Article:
Romney and His Wealth

There has been a lot of talk – too much in my view – about Mitt Romney’s riches.  Indeed, I half expect Ann Richards to rise from the dead and talk about how Romney was born with a gold spoon in his mouth (since he’s probably too “elitist” for silver) and eats the fruit of the poor’s labor with it to amass even greater wealth.  CNN is suggesting that Republican voters think Romney is “too rich” (which I don’t think is possible to objectively define or cast judgement upon as long as it was legally and morally earned).

I really don’t care how rich politicians are unless their wealth was earned in a way that suggests something problematic about their character which could be reflected in their use of power.  For example, “bad” wealth would be money gained as a product of rent-seeking behavior or other morally dubious or fraudulent acts. 

In Romney’s case, I haven’t heard about anything that suggests this.  Indeed, quite the opposite as he took responsibility for making tough business decisions that affected many people but that were often growth-enhancing.  That suggests something positive about his ability to lead as President. 

What I care about most in a candidate for national office is his/her commitment to the Constitution and the extent to which he/she believes in and will be guided by a political philosophy dedicated to securing individual liberty and a free society.  Unfortunately, there are few (none?) that can fully meet this standard.  But it is a useful standard of judgement.  It tells me I should prefer Barry Goldwater to Lyndon Johnson, Ronald Reagan to Jimmy Carter, Mitch Daniels to Newt Gingrich, and so on and so forth.  Are those men perfect, no.  But there is still a meaningful choice along those dimensions for the American public as a whole.   

More importantly, I think there is something crucial that seems to be escaping public attention through all of this talk of how rich Romney is.  Specifically, former community organizer and current President, Barack Obama is also very, very wealthy.  The Obamas adjusted gross income for 2010 alone was $1,728,096.  Their 2009 AGI was $ 5,505,409.  In 2008, it was $2,656,902.  Not exactly 99% right?  And that is just for a three-year period.  Worse, is that his wealth has largely been the product of his political life (see where he stood – especially before his DNC speech in 2004 – in this 2007 piece).  So if we are going to cast aspersions about someone’s wealth, I’m pretty sure we should pay more attention to the fact that politics pays – just ask Bill Clinton and Newt Gingrich!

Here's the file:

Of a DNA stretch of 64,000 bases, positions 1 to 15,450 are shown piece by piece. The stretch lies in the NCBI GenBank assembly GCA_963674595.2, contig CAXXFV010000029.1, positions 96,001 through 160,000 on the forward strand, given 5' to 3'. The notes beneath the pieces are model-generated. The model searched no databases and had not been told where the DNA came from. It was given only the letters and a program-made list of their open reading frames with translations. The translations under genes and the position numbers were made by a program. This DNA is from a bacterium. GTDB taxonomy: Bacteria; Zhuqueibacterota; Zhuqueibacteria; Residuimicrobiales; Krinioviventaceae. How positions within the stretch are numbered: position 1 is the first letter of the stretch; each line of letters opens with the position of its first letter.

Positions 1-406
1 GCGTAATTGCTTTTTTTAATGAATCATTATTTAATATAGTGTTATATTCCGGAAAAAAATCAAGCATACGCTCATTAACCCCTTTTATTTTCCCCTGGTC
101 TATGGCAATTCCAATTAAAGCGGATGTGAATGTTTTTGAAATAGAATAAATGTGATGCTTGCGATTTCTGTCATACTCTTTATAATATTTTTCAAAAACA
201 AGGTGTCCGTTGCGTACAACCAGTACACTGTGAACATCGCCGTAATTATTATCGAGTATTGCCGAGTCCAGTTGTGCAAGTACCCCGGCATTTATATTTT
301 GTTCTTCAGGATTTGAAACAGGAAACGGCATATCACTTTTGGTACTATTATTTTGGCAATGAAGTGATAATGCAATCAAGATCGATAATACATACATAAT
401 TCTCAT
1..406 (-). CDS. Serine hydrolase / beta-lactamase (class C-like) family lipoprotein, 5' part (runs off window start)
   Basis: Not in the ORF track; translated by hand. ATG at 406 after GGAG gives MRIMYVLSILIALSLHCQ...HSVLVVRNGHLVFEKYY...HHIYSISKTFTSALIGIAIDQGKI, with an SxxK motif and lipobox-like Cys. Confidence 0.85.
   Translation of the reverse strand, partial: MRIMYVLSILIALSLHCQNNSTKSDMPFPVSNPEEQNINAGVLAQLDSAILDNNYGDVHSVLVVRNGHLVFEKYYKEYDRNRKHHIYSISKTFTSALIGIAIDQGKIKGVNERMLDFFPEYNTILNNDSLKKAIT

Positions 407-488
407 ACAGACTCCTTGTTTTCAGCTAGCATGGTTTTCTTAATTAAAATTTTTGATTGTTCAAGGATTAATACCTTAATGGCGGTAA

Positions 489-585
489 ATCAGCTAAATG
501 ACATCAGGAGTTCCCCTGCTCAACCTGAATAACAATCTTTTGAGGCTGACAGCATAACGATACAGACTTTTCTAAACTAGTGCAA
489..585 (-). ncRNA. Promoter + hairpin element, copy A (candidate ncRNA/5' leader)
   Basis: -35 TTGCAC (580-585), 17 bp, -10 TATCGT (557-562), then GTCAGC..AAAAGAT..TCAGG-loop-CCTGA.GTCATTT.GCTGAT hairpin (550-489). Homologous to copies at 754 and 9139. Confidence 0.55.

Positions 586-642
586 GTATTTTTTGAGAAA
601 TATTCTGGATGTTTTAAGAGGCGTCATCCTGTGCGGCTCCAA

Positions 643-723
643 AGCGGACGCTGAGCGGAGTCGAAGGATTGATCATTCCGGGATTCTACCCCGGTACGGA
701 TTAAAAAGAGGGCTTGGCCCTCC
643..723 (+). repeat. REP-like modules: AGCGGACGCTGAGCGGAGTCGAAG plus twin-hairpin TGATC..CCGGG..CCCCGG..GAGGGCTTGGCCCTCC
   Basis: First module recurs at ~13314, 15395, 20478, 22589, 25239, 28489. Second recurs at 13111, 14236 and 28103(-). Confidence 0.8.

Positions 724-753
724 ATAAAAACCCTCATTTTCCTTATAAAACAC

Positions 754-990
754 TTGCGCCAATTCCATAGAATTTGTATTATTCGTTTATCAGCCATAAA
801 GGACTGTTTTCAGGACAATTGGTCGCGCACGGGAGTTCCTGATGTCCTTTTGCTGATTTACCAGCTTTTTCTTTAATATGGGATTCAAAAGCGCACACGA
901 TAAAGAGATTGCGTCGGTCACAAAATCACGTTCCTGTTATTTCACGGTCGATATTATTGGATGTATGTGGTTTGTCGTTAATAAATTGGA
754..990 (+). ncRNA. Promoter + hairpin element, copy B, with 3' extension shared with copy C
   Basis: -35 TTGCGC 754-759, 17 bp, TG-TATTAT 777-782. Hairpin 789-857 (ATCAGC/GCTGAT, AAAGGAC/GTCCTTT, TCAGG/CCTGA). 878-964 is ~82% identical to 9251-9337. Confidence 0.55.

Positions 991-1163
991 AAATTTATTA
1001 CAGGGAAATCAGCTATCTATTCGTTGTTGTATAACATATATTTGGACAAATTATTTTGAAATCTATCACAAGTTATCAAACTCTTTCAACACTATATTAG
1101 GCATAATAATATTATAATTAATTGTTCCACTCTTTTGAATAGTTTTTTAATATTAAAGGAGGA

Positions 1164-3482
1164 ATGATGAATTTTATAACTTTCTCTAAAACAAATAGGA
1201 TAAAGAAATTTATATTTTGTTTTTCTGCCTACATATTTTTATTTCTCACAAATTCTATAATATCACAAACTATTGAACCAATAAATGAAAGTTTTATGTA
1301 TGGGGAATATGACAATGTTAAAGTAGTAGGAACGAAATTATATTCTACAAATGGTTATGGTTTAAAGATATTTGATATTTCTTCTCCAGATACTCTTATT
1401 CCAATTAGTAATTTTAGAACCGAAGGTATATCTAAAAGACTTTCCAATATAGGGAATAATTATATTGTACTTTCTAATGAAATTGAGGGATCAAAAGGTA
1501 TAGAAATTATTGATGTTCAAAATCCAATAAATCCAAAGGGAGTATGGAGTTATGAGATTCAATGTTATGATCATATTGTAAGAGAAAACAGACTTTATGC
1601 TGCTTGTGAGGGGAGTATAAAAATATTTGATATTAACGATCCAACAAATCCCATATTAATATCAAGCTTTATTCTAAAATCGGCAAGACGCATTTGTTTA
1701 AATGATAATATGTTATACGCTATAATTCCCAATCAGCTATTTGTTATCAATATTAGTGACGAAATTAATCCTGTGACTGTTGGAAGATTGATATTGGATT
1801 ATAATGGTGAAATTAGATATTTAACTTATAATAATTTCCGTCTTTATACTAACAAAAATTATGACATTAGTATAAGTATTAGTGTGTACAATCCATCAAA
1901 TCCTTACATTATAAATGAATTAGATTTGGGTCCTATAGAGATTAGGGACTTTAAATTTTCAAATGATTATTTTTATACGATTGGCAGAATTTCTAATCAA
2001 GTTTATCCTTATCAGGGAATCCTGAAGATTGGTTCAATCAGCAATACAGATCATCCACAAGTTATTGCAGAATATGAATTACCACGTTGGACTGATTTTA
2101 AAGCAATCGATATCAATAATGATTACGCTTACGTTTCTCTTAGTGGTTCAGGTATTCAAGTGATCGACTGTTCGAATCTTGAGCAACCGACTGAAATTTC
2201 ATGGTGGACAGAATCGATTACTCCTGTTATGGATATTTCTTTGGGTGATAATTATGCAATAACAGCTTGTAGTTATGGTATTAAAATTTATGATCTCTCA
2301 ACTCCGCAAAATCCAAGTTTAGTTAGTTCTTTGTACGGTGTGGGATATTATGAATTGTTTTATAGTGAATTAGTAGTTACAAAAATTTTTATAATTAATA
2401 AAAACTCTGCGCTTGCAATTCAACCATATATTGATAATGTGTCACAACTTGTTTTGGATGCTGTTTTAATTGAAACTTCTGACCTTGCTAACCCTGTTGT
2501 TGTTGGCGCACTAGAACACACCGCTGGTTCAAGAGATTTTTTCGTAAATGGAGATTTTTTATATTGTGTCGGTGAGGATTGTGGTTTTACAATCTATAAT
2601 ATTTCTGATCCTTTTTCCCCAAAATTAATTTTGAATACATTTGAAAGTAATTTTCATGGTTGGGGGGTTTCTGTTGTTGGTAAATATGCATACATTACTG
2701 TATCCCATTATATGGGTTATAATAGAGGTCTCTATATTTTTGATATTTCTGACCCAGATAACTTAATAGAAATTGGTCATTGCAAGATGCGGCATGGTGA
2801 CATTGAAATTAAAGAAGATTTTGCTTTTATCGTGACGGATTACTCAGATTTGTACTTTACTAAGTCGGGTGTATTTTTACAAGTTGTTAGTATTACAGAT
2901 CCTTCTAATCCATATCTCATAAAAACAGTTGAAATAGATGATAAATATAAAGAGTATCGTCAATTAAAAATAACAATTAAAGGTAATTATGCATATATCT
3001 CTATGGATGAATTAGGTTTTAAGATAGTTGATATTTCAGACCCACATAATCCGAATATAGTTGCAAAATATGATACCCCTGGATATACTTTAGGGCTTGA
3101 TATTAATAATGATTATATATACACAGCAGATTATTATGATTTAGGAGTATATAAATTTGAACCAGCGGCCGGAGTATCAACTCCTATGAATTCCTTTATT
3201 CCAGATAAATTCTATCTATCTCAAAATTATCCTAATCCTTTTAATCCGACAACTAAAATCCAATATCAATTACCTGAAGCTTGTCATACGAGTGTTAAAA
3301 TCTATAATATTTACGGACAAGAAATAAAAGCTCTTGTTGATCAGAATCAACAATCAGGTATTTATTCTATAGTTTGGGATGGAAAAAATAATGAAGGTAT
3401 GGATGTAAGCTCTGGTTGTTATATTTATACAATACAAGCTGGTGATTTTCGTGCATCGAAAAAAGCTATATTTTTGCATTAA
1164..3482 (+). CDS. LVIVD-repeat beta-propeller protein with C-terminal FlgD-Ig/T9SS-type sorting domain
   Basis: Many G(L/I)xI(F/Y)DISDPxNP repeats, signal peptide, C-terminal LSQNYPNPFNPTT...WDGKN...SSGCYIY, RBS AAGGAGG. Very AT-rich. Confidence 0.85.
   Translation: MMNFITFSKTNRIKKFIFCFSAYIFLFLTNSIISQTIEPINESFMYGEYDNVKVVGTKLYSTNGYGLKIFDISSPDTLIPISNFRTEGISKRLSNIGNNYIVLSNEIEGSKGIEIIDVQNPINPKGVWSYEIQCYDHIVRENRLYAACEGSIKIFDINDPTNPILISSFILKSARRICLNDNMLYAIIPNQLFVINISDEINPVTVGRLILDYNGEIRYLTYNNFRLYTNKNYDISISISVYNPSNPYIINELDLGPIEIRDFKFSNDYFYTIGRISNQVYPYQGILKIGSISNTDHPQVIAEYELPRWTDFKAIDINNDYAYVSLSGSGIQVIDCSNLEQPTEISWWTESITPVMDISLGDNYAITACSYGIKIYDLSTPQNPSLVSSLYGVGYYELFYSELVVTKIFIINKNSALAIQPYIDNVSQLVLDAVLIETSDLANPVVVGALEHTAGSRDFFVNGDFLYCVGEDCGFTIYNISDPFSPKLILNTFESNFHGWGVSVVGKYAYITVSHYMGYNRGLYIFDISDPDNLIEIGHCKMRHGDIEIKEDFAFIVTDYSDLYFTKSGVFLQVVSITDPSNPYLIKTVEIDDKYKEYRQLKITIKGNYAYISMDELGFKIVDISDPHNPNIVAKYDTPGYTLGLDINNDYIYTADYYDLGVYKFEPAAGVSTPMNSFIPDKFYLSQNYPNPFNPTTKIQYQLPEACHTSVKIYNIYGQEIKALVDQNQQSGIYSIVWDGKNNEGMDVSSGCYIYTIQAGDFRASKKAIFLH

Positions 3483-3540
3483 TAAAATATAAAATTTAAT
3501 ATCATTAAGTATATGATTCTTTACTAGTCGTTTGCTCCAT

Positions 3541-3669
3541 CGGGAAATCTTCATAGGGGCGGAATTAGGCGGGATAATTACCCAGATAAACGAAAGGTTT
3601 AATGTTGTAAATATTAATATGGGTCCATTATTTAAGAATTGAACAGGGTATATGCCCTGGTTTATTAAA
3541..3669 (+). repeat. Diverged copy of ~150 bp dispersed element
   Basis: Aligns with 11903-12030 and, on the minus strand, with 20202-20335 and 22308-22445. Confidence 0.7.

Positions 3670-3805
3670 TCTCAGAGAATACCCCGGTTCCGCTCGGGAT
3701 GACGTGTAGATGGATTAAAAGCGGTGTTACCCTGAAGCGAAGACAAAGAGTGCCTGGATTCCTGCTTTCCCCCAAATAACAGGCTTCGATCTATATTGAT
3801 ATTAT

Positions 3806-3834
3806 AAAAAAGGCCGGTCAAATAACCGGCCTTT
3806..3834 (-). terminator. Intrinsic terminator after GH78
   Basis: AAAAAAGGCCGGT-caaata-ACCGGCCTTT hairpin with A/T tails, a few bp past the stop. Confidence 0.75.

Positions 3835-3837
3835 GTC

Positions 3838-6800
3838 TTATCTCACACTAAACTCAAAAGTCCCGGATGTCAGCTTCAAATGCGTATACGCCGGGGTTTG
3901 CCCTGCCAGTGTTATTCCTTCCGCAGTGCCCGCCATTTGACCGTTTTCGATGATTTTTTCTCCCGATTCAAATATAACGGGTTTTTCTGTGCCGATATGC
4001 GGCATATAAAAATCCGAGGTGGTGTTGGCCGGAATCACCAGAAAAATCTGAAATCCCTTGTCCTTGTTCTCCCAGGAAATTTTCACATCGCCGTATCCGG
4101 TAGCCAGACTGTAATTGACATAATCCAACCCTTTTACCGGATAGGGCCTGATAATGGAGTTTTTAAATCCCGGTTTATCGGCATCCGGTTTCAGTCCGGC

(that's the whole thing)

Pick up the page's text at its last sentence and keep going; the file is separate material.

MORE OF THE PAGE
3 thoughts on “Romney and His Wealth

  1. Well said. How is it, exactly, that people expect “Cowboy” and “Really Good at Real Business” to be features conservatives would be afraid of in a GOP president.

    What’s the next insult? He’s an astronaut! He’s builds hotrods in his garage! He fended off a wild animal attack with comment firearm use? Oh wait, they did use that one already…

    I”m not a Romney fan, but the closest I’ve ever been to consider voting for him was the day he said he likes being able to fire people that don’t perform.

  2. President Cleveland, I agree with your posts so often that I am genuinely surprised at myself when I find I am in disagreement.

    But when you blithely say that you ought prefer the Presidential candidacy of Ronald Reagan to that of Jimmy Carter–as if it’s not even a hard choice–this strikes me as entrenching a great myth that Reagan was the near-libertarian he claimed to be in his rhetoric and that Carter was some sort of admixture of Karl Marx and Franklin Roosevelt.

    But here’s the reality: Carter gave us important deregulations in trucking, airlines, and railroads; he appointed Paul Volcker who defeated inflation as surely as he sunk Carter’s prospects for reëlection; and he legalized craft beer and he had this to say about drugs and crime–“Penalties against drug use should not be more damaging to an individual than the use of the drug itself. Nowhere is this more clear than in the laws against the possession of marijuana in private for personal use.”

    Reagan gave us an exploding national debt, unconstitutional funding of the Nicaraguan Contras against the express wishes of Congress/the Arms for Hostages scandal, a new, more expensive War on Drugs, etc., etc.

    Can a case be made that Reagan is the more libertarian of the two Presidents? Perhaps. But it’s no easy call.

    1. Maybe I was too quick to compare it to those other obvious cases. You are right that we need to be careful to distinguish between the Reagan rhetoric and the reality of his presidency (something even Agricola admits but suggests he really wanted to do more but faced massive constraints, esp on the Hill). And there is no doubt that Carter wasn’t nearly as bad in office as commonly thought – especially compared to his two elected predecessors (Nixon – a terrible, terrible President from a libertarian standpoint, and Johnson – war and welfare, yikes!).

      But Carter was still pretty bad:

      1. Created two new depts: Energy and Education.
      2. Failed miserably during Iran hostage crisis to defend American national interests and honor. Rescue effort was botched – but hard to blame this directly on Carter — however can partially blame him for the problems in the DoD that led to this.
      3. Chrysler bailout
      4. Energy policy, including price controls.

      But your point is well-taken. And glad to see we’re usually on the same page!

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